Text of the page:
Thirteen spring frosts – more than twice what we would expect – meant a cool, slow start to the season, with lots of long nights for the vineyard team. Luckily the frost protection measures in place worked well and we came through with minimal damage.
The cool weather continued into the summer months which meant growth was about two weeks behind previous seasons and cropping levels had to be adjusted to ensure adequate ripening in the autumn.
We were very strict with thinning at veraison, ensuring the fruit was as physiologically uniform as possible by removing any bunch that was slightly behind. Extra leaf plucking was also carried out to make sure the bunch zone was open and fruit exposed to sunlight and airflow.
Weather patterns returned to normal in February with lots of warm dry days and cool nights, the perfect conditions for ripening grapes. Vintage started on 10 April and the dry warm conditions meant harvest was stress-free and staggered over a five week period. The extended hang time lead to fantastic flavour development across all varieties and we picked just as each variety and clone reached optimum ripeness.
We harvested Sauvignon Blanc in the cold of the early hours of the morning, maintaining perfect fruit intensity and vitality; the Pinot Gris slowly built its layers of flavour in the afternoon sun and the Pinot Noir got more and more concentrated without the rapid rise of sugars, meaning big flavour without the sky-high alcohol levels in the final wines.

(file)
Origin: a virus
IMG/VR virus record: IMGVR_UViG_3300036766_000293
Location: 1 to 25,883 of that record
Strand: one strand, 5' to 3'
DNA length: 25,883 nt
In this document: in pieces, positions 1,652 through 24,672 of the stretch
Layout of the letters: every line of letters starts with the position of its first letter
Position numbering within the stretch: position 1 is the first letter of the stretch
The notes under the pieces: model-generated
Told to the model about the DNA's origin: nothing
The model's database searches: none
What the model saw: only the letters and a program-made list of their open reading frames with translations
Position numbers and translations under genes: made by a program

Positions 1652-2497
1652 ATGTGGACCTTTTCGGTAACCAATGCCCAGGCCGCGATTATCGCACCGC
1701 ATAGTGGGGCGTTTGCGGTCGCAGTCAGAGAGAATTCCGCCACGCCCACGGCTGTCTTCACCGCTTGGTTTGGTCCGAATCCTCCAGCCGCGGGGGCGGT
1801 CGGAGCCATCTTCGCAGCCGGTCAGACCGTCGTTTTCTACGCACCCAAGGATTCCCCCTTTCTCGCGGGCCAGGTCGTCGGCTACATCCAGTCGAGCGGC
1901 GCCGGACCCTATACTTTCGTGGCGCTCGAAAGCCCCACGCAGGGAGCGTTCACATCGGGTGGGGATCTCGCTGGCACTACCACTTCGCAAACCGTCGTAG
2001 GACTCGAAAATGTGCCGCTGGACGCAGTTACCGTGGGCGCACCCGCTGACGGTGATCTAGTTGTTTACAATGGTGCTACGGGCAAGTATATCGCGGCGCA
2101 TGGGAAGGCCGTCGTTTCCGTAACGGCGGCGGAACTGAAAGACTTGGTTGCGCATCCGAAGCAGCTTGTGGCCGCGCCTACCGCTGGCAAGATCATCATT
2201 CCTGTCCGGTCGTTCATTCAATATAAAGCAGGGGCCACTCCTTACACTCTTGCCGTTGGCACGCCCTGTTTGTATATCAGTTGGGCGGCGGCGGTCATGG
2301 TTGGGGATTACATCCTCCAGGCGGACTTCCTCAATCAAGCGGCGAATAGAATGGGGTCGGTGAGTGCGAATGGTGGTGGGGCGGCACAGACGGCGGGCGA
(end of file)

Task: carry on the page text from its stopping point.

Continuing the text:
Because of the cooler year, the Sauvignon Blanc will reflect a slightly higher acidity than in other years; but this will be nicely balanced by the opulent flavours and full mouth-feel on these wines. We managed some extended lees-work which helps build the palate weight and gives more body to the minerality that is a classic character of a Gladstone Vineyard Sauvignon Blanc.
In the same way, our Pinot Gris has a bit more acidic backbone, which is great for this full bodied aromatic. Layers of stone fruit, floral aromas and textural complexity are the main-stay characters prevalent in these wines.
We have a Riesling and Viognier again this year. The Riesling will be a classic Gladstone Vineyard: dry, austere, great with food and good ageing potential. The Viognier was treated a bit more delicately this year, with only 15% barrel matured in old French oak. We did this to keep the lovely floral components intact and let the wines' more delicate side come to the fore in a reflection of the vintage. The Rosé (produced from Cabernet Franc, Merlot and Malbec) has a nose of strawberries and cherries with a nice lick of acid to keep the palate fresh and vibrant.
The Pinot Noir is now in barrel. Despite tonnage being down about 20% from previous years, the condition of the fruit from our various sites was exceptional, allowing us to play with the different batches and make sure each reflects the site and terroir. We experimented with a array of techniques, some very modern and some ultra traditional, and are looking forward to see what the end result will bring. We're confident it will be as good as any we have made.
A blend of specially selected rows of Cabernet Franc, Merlot and Malbec are destined for our renowned Bordeaux-style Auld Alliance. This is showing good intensity and dark berry and spice components and will be maturing in barrels for the next 14 months.
Christine Kernohan, Managing Director/Chief Winemaker
Kyle Mason, Viticulturalist
Gerhard Smith, Winemaker